I love that husband-and-wife team Andrew Feinberg and Francine Stephens have strong and occasionally different opinions on making a dish and will chime in with special notes. And I’m ringing the bell for a Melissa Clark Appreciation Moment: Not only is she a great writer, but also a terrific co-author, a rare combination. Stephens and Feinberg may come across as the primary “we,” but the cookbook’s clarity and warmth are distinctively Clarkian. Together, they’ve made Franny’s an even more irresistible summer read than Grace Coddington’s memoir.
Give Us a Kiss by Daniel Woodrell
Any time I read a Woodrell book it is very likely to be my favorite book of that month, and Give Us a Kiss was no exception. As with most of his books, Woodrell pulls us right in with the opening line. “I had a family errand to run, that’s all, but I decided to take a pistol.” The book then tells us about the trouble Doyle Redmond gets into as he goes in search of his older brother Smoke, hiding out in the Missouri Ozarks to evade the law. It involves guns, certainly, but also hillbilly love and past-life experiences.
Give Us a Kiss is different from Woodrell’s recent novels in that there is less focus on the pretty prose (though the prose is all sorts of good) and more focus on moving the story along. We are still in familiar territory, with unsavory characters in the Missouri Ozarks up to no good, and we just can’t help but love all the misfits Woodrell drags onto his pages. There is a point in the book where Redmond describes how he sees himself as a writer, and this so mirrors how I imagine Woodrell sees himself as a writer that I felt a pinch of vertigo for a moment, like I was having an out-of-book experience:
“I always get called a crime writer, though to me they are slice-of-life dramas. They remind me of my family and friends, actually. I hate to think I’ve led a ‘genre‘ life, but that seems to be the category I’m boxed in.”
Loved it. Loved it, loved it, loved it.
The Goldfinch by Donna Tartt (Little Brown and Company, October 22)
First off: I refuse to get involved in a “Is it better than The Secret History?” discussion, because it’s a completely different book, and also because I have read The Secret History (Tartt’s first book) once a year since it came out, so it isn’t fair to compare a book I’ve just read against one I have scanned through my brain twenty-one times. It’s ingrained in my membranes. So, that said, let’s talk about The Goldfinch. The novel is about a teen boy named Theo who lives in NYC with his single mother. When his mother is killed in an accident, and with his father AWOL, Theo is shuffled off to various places to be looked after. And at the center of the book is a famous Dutch painting called The Goldfinch. There’s gangsters, and antiques dealers, and Las Vegas, and truckloads of substances, and holy cats is it wonderful. It is a wildly ambitious, sprawling, gorgeous novel that is deeply flawed in places (much like The Secret History) but still succeeds in a big way because it has so much effing heart. It made me sob like a wild woman. I’m madly in love with it. I didn’t want it to end. Completely worth the twelve year wait. TEAM TARTT!
The Golem and The Jinni by Helene Wecker
To most people, Ahmad and Chava look like your average new-to-America immigrants struggling to find a place in their new country, but they are anything but average. Ahmad is a Jinni made of fire and recently released from centuries of captivity in a copper bottle. Chava is made of clay, a golem fashioned by a no-good Rabbi for a wealthy customer who dies while Chava and he are on their way to America. In bustling, turn-of-the-century New York these two magical creatures happen to bump into each other late one night (neither creature needs to sleep) and instantly notice the other’s “otherness.” They forge a strange and alluring sort of relationship, bonding over finally being able to be their “true” selves. Of course, things go awry and even though the golem and the jinni try to live apart they are drawn together by the same dark master/creator. The first ⅔ of this book is all New York, folk tales, and romance. The last third is a sort of fast-paced, clock-ticking thriller. All together, a pretty satisfying read.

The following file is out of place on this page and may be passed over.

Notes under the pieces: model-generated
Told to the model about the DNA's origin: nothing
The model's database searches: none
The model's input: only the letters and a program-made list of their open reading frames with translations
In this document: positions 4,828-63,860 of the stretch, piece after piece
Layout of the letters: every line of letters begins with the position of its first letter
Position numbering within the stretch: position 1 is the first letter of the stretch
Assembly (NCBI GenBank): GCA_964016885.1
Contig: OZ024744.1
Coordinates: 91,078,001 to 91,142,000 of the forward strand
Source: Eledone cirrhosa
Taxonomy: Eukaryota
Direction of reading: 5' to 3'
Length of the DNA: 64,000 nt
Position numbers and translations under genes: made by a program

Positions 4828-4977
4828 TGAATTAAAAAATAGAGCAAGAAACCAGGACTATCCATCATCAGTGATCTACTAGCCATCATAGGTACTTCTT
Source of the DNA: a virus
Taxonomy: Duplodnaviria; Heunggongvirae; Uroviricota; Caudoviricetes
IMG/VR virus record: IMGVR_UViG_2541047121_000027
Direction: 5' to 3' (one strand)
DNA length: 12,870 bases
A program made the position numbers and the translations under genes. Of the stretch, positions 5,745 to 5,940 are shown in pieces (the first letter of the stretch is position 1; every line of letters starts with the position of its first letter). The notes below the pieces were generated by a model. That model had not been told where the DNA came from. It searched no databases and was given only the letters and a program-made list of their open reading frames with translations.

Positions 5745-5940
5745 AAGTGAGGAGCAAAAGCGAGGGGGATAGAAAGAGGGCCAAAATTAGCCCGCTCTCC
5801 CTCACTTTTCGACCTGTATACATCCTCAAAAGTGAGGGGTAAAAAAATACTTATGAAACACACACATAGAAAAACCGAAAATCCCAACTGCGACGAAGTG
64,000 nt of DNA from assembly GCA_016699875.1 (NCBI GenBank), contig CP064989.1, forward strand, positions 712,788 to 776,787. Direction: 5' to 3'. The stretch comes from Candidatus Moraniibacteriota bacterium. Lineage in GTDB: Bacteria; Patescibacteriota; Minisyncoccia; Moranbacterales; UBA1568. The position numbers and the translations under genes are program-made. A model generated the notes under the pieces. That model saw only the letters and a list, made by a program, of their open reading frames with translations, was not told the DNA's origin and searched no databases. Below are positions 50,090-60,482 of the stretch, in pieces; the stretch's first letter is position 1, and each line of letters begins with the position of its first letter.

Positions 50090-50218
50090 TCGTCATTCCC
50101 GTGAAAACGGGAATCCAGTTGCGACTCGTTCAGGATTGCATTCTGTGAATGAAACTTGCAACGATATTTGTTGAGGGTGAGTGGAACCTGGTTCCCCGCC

The Heroes of Olympus by Rick Riordan
This is going to sound super dorky, but the book(s) I loved most this past month were Rick Riordan’s Heroes of Olympus series, which follows after the original Percy Jackson series, and which is set to wrap up with the 5th book in 2014. When I worked with 7th graders, they literally could not get enough of Rick Riordan, and being able to talk Greek demigod with them scored you major cool points. But let’s be honest, I would have loved Percy Jackson even if I didn’t work with teenagers. I finally picked up The Lost Hero, the first in the Heroes of Olympus series, earlier this month just to inject some light fun into my reading schedule because gosh darn it, we all need some fun in our reading schedules. And I had forgotten how fun these books really are. I ended up pushing aside other books to also zoom through The Son of Neptune, and am now in the middle of The Mark of Athena. These books are all heftier than the Percy Jackson ones, but include the same sense of humor and page-turning action, as well as many of the same characters and gods. Except this time, the Roman incarnations of the gods are rounded up along with the Greek, which I find fascinating, and some fantastic new demigods are introduced, all of whom make for a much, much more diverse cast of characters than the original series, which is probably why I actually like this series more. There’s a reason Riordan is one of the top-selling authors on the planet right now. Fun, good stuff.